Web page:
YOUNGSTOWN, Ohio (WKBN) – An all-encompassing coronavirus bill passed Wednesday by the Ohio Legislature also extends the use of an academic distress commission and CEO for the Youngstown City School District through the next school year.
It happened despite a letter being sent to Gov. Mike DeWine asking him to abolish the commission and CEO.
The letter was generated by state Representative Michele Lepore-Hagan and signed by 21 different people. Those who did not sign it included Youngstown councilmembers Julius Oliver and Basia Adamczak.
When Adamczak failed to sign, her children — who attend Youngstown schools — were brought into the debate. One person familiar with the city schools was not happy with that.
“How would you like your children to be thrown into the mix?” asked Jimma McWilson.
Through his work with the NAACP and the Parent-Student Union, McWilson has lobbied hard for better academic opportunities in the Youngstown Schools.
Recently, McWilson received an email from Youngstown Teachers Union President Larry Ellis asking teachers to contact Oliver and Adamczak regarding the letter they didn’t sign.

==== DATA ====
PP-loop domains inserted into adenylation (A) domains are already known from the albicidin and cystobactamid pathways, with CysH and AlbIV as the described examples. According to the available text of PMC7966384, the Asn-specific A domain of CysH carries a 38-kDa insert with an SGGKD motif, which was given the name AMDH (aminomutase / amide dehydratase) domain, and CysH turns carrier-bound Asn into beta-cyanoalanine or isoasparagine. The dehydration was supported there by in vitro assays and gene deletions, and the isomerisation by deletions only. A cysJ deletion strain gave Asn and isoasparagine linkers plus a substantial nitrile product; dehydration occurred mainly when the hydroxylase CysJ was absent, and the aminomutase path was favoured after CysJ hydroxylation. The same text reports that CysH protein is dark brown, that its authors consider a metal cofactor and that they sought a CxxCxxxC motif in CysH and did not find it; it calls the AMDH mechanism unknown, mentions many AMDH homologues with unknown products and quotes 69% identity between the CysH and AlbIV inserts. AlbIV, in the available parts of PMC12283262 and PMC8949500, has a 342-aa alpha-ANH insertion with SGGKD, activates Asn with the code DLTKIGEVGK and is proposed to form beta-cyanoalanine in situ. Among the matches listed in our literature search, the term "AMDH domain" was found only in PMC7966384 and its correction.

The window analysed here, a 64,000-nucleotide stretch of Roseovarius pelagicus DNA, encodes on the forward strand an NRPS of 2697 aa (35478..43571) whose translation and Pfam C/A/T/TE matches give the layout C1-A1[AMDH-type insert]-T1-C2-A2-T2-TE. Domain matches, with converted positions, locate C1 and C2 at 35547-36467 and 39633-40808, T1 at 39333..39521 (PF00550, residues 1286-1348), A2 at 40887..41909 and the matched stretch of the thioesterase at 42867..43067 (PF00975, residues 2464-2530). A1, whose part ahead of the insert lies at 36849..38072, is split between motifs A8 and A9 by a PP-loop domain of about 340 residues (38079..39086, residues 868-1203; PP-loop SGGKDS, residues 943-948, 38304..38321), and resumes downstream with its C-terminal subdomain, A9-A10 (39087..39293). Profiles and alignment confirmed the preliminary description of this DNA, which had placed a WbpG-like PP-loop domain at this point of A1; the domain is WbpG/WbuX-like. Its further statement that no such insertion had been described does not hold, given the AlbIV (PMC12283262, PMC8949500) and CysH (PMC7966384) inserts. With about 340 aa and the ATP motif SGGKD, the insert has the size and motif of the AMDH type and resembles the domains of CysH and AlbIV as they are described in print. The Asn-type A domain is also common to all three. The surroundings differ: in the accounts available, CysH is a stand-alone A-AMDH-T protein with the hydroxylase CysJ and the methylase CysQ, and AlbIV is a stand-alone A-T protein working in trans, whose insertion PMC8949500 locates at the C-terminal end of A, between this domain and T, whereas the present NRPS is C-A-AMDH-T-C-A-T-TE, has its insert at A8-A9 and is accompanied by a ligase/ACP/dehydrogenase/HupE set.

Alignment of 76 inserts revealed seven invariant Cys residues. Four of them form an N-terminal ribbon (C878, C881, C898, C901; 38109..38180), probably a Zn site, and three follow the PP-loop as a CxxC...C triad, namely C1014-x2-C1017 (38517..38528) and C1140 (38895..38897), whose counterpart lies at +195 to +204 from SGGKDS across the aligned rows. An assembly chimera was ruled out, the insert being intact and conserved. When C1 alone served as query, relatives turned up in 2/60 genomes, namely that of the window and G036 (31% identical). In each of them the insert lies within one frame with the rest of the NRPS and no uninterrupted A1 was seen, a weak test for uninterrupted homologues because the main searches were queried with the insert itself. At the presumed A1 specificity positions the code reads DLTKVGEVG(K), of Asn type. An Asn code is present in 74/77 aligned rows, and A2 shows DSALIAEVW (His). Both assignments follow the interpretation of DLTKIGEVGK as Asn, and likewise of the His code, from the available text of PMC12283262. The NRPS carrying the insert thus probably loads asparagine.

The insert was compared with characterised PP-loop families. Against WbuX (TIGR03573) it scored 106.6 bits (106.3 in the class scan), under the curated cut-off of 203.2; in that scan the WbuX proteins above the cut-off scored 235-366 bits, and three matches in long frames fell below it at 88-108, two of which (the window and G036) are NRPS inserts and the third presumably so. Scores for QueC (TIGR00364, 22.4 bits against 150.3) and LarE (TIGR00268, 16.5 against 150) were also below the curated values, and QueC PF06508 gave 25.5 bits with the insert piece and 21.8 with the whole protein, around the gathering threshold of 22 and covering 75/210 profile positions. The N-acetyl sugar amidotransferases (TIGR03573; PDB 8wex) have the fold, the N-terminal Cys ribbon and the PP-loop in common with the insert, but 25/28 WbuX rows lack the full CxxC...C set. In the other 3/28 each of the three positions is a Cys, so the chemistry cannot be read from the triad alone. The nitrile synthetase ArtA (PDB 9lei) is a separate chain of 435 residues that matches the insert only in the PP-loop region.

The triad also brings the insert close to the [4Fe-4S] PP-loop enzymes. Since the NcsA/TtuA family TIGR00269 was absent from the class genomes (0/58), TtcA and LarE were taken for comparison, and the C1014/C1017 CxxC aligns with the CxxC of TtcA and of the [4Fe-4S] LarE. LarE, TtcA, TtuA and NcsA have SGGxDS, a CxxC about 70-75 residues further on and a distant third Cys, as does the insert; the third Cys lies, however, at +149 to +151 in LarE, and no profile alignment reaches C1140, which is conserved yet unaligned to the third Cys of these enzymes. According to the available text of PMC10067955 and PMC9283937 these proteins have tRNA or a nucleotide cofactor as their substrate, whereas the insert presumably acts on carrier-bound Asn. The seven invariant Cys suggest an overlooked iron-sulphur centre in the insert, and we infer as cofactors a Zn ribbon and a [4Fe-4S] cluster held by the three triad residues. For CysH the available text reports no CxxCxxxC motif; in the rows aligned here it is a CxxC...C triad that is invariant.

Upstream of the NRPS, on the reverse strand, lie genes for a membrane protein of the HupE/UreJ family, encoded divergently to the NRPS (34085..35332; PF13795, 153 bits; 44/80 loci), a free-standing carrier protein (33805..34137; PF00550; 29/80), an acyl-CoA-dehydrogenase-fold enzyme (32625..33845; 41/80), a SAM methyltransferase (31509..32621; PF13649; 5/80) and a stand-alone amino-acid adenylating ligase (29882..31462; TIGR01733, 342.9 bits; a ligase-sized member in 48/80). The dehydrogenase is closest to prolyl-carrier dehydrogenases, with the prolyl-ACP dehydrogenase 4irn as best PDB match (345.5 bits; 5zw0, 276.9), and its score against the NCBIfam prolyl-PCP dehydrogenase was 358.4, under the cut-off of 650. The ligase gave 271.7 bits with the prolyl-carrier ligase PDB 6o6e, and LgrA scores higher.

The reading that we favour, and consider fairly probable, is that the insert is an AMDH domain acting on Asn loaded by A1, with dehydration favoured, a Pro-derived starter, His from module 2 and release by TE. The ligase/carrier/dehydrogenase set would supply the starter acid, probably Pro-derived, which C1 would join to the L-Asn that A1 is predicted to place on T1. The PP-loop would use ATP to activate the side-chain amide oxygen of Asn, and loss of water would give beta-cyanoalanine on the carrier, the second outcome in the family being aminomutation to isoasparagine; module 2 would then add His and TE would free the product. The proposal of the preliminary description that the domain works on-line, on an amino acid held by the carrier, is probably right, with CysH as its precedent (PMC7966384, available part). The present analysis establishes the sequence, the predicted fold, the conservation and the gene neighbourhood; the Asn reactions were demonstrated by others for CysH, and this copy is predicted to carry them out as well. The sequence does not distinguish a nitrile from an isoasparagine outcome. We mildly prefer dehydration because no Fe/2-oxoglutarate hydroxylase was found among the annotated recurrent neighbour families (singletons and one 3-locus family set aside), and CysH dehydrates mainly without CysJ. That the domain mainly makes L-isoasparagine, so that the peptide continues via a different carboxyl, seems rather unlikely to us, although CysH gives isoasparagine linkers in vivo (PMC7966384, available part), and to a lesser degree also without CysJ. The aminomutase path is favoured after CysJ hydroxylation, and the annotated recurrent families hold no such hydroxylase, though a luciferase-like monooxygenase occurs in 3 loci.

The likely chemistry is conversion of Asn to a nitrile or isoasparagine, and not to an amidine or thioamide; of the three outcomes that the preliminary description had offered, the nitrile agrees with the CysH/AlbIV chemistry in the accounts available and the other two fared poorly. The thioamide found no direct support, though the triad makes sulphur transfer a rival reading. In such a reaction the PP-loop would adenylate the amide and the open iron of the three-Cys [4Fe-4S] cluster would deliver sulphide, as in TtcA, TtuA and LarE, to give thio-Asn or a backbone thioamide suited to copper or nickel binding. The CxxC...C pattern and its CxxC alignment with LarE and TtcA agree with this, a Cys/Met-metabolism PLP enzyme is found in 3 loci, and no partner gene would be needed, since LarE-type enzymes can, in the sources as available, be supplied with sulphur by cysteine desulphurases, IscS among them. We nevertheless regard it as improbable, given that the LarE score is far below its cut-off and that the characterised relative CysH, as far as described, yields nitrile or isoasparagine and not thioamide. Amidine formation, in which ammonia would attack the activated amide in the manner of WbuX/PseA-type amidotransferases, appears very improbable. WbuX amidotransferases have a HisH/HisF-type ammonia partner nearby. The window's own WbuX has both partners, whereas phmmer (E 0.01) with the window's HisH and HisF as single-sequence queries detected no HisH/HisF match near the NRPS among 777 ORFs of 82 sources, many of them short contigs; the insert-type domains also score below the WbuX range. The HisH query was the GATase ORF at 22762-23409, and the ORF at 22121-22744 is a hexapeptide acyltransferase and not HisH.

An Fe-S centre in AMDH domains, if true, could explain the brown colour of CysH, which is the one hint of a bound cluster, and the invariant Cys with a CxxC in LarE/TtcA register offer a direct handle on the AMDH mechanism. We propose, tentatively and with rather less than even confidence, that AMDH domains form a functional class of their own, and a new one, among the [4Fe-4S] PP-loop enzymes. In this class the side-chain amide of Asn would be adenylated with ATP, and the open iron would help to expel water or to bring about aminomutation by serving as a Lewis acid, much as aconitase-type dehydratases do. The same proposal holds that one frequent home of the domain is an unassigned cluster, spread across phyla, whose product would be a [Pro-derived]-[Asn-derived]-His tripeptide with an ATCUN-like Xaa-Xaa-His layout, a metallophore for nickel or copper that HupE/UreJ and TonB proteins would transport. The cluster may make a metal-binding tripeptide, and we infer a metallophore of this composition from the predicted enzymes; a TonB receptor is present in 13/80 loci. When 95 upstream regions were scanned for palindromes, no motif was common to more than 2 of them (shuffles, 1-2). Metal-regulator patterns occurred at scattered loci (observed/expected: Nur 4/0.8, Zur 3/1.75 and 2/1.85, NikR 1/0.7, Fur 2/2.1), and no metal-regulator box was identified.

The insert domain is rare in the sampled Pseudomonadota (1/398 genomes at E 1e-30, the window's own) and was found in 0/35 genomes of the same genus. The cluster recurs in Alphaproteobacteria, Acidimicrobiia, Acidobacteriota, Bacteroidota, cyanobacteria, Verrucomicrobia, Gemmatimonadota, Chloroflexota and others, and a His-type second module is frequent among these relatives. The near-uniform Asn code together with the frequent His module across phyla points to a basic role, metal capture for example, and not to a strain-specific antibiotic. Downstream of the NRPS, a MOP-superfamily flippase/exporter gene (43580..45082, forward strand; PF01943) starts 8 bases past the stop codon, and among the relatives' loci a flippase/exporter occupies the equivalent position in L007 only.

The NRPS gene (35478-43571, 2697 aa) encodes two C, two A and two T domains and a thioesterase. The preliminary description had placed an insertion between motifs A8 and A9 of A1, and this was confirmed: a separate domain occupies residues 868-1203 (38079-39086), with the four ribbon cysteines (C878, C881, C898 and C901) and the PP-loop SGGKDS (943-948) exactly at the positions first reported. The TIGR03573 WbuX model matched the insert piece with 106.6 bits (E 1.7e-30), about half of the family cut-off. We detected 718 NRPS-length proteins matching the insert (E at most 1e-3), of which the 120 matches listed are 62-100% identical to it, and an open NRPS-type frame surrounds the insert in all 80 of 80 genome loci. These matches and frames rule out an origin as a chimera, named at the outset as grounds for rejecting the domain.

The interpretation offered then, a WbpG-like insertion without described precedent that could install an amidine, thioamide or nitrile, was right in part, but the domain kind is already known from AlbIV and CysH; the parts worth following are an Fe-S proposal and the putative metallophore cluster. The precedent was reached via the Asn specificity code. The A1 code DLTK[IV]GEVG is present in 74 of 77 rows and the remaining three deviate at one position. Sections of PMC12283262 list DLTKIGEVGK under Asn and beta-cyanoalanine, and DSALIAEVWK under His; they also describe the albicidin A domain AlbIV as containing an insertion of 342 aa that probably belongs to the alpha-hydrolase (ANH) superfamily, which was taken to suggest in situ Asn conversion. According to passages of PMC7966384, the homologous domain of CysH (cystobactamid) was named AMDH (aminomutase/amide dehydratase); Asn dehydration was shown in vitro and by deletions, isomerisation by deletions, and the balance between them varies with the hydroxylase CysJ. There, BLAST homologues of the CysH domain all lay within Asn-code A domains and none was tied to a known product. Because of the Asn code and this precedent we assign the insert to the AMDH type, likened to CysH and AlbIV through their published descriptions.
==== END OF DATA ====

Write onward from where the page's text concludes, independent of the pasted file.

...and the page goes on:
In the email, Ellis also wrote that “Councilwoman Adamczak has children at [Youngstown Early College] — actually, it’s Rayen Early College — and she thinks everything is fine” in the city schools.
McWilson says putting pressure on a public servant and including their children in the same sentence borders on a threat.
“I’m concerned about the child. How is that child going to react and what if somebody in the classroom says your mother thinks everything is fine and we need control? What is the child going to say? They don’t know anything about it. They don’t understand it,” McWilson said.
Adamczak called using her children in the email irresponsible and bad judgment.
“I mean, I don’t mind someone having a grievance or concern to address me directly but I think bringing children in is always off limits,” she said.
When contacted, Ellis said, “I was not issuing any threats,” McWilson is fine with the teachers union opposing the state takeover.
“Just don’t put the kids in the middle of it when you know that could harm them. You’re supposed to have a safe, secure, healthy environment for the kids. Either make it so or not,” McWilson said.
Lepore-Hagan said her letter to the governor was to show him that the system around academic distress commissions has failed, saying she wanted a group of community leaders to support her.
She said she didn’t know how “it spun out of control” but didn’t want to lose focus on the intention of the letter.